A novel horror gimmick is given the unfortunate Shyamalan dramatic treatment in Devil, a somewhat solid B-picture that’s hobbled by its creator’s love for twist endings and needless emotional baggage. Though he only gets a story credit, M. Night’s fingerprints are all over this dramatic thriller disguised as a horror film. Indeed, there are no Clive Barker-style elevator rides to hell to be found here. One of the characters does inevitably embody the Dark Lord, but aside from the black contact lenses and a few horrible deaths that go unseen, much of it simply boils down to an Agatha Christie-style whodunit. All of this would be fine if the picture weren’t also full of connective character tissue cut from expository Shyamalan melodrama.
The premise is perfectly simple -- five people are stuck in an elevator and one is the Devil. Get ready… Go! What the trailer doesn’t let on is that the film actually follows an angst-ridden police detective (Chris Messina) who’s working on identifying the trapped people via the elevator’s security cam as they begin to die off every time the lights go out. It seems that each person isn’t really all that good, so as the rescue crews work to get them out of the elevator, it becomes a race against time for the cop to figure out who is killing whom in there (even though he has no power to do anything about it). Oh yes, and then there’s the religious security guard who claims the Devil is in the elevator (he also annoyingly predicts what the Devil will do next throughout the picture).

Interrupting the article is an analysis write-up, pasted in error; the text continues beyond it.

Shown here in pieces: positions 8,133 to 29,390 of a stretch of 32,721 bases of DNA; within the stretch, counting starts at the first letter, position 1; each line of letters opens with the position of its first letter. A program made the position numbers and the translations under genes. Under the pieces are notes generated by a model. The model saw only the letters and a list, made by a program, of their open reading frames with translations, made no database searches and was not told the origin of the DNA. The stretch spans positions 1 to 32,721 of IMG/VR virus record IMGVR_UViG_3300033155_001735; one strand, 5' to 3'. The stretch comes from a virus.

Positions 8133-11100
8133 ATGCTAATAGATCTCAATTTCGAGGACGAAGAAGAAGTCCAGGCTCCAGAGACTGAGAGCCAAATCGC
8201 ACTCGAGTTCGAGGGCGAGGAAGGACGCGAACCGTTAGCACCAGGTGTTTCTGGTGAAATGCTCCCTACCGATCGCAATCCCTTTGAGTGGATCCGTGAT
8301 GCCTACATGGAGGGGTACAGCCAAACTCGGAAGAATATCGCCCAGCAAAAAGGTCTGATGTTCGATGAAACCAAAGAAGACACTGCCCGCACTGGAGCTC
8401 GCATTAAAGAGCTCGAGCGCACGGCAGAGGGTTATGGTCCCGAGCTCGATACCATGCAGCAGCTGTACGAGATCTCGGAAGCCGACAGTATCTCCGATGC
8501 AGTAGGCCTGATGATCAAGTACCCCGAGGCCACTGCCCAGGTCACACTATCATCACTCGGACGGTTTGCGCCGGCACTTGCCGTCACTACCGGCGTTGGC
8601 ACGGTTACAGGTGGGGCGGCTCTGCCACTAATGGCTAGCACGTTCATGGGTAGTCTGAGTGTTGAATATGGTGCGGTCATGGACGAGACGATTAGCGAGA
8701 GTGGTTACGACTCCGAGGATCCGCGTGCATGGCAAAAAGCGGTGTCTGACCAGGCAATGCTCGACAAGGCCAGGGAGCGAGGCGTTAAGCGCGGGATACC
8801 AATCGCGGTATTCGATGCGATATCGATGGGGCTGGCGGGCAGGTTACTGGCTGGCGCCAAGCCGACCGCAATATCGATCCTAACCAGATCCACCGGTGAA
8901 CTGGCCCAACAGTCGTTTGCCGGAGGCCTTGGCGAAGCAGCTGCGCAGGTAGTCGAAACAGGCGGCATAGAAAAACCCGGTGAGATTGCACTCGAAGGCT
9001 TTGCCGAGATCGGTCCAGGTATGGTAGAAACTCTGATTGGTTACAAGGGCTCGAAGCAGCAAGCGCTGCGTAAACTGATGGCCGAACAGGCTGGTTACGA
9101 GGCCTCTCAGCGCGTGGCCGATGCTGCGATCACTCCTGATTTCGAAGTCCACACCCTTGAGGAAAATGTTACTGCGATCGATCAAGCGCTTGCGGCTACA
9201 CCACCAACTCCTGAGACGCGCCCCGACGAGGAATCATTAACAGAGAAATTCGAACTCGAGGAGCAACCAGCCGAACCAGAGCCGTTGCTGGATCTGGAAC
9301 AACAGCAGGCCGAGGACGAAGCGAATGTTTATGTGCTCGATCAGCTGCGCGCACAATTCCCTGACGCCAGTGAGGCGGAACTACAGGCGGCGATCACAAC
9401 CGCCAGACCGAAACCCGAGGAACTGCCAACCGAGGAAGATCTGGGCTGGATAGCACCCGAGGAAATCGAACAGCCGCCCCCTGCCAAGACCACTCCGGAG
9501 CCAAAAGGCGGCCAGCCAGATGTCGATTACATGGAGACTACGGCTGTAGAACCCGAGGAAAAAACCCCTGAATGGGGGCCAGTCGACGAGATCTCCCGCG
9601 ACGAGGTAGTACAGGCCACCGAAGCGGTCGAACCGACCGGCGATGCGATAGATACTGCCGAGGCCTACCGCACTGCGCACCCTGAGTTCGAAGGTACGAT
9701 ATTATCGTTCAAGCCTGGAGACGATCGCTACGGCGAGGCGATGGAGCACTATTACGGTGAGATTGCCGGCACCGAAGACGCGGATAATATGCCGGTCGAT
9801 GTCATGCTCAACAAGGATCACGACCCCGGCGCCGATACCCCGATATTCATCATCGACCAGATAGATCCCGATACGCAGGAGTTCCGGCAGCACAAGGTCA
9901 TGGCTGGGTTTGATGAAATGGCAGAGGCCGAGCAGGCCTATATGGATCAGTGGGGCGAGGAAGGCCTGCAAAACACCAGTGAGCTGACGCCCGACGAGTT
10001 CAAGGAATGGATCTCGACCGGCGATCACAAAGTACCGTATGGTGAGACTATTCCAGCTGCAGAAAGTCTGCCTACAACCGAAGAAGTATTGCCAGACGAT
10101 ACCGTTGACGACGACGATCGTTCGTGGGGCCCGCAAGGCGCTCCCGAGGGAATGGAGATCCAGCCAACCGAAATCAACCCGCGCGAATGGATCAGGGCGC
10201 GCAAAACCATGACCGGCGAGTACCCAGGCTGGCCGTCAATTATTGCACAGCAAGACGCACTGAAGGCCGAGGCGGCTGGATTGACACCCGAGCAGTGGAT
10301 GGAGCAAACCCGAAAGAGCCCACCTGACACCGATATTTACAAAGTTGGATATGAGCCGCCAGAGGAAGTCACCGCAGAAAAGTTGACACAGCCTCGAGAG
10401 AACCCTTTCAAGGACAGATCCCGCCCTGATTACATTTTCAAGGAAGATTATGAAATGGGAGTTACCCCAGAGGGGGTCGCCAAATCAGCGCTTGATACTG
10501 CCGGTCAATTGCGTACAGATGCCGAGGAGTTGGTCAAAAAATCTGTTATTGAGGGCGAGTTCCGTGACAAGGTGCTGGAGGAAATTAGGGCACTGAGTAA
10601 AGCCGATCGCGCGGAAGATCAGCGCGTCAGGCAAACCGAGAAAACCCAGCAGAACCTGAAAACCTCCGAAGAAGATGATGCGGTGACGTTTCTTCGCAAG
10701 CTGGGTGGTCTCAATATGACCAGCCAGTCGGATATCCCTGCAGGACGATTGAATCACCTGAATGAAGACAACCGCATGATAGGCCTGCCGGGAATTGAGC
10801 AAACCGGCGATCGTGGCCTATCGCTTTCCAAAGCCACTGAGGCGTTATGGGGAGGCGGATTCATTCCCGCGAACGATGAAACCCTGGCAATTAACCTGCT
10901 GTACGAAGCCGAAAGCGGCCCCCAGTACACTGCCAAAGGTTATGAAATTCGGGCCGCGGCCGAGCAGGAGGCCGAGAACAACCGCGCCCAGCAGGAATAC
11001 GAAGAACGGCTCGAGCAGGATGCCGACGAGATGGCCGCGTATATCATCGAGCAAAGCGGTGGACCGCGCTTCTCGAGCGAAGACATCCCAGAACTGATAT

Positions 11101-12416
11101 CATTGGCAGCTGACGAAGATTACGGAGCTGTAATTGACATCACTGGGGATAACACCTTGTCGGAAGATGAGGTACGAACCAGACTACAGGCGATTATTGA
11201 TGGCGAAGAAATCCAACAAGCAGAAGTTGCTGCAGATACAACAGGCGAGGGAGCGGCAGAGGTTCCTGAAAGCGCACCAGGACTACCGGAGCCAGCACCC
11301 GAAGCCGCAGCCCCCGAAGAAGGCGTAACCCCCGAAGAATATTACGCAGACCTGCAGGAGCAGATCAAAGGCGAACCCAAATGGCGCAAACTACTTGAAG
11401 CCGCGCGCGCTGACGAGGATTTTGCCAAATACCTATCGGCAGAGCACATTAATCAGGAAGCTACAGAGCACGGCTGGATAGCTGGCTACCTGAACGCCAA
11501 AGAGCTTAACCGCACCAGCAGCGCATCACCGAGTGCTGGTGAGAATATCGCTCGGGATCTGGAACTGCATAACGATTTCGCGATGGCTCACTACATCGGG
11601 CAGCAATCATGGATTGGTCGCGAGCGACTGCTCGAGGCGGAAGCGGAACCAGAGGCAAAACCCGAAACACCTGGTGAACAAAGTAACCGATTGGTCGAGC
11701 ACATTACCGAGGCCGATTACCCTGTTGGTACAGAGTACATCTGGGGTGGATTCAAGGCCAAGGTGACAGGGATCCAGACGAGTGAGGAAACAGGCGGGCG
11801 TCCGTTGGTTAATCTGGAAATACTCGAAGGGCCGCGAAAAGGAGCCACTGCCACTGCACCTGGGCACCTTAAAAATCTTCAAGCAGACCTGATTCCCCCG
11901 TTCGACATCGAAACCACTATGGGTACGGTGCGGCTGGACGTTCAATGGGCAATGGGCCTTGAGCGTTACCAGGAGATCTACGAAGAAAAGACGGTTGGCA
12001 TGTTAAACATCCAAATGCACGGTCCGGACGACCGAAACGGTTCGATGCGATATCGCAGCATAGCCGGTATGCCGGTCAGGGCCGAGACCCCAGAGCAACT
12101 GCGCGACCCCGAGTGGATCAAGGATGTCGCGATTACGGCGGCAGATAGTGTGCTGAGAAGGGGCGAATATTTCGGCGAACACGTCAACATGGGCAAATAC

The funny thing is that the twist regarding the Devil’s identity actually works. Then it’s followed up by a second M. Night dramatic twist that is just not needed. The success of genre films largely doesn’t hinge on characters’ motivations, yet here the film stops to explain away why a character did this or that. Meanwhile, the freakin’ DEVIL is in an elevator and M. Night demands character-driven flashbacks. Just guess which element popcorn-chewing audiences will be more concerned with. Director John E. Dowdle (Quarantine) deserves some credit for crafting a pretty engaging thriller, but he’s basically a hired helper under the master’s all-knowing but misguided eye. Devil still works in a roundabout way, but viewers’ enjoyment of it will surely depend on how much they’ve had it with the trappings of a filmmaker who just doesn’t know when to let a horror film just be a horror film.
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- Released: 2010
- Rating: PG-13
- Review: A novel horror gimmick is given the unfortunate Shyamalan dramatic treatment in Devil, a somewhat solid B-picture that’s hobbled by its creator’s love for twist endings and needless emotional baggage. Though he only gets a story credit, M. Night’s fingerpr… (more)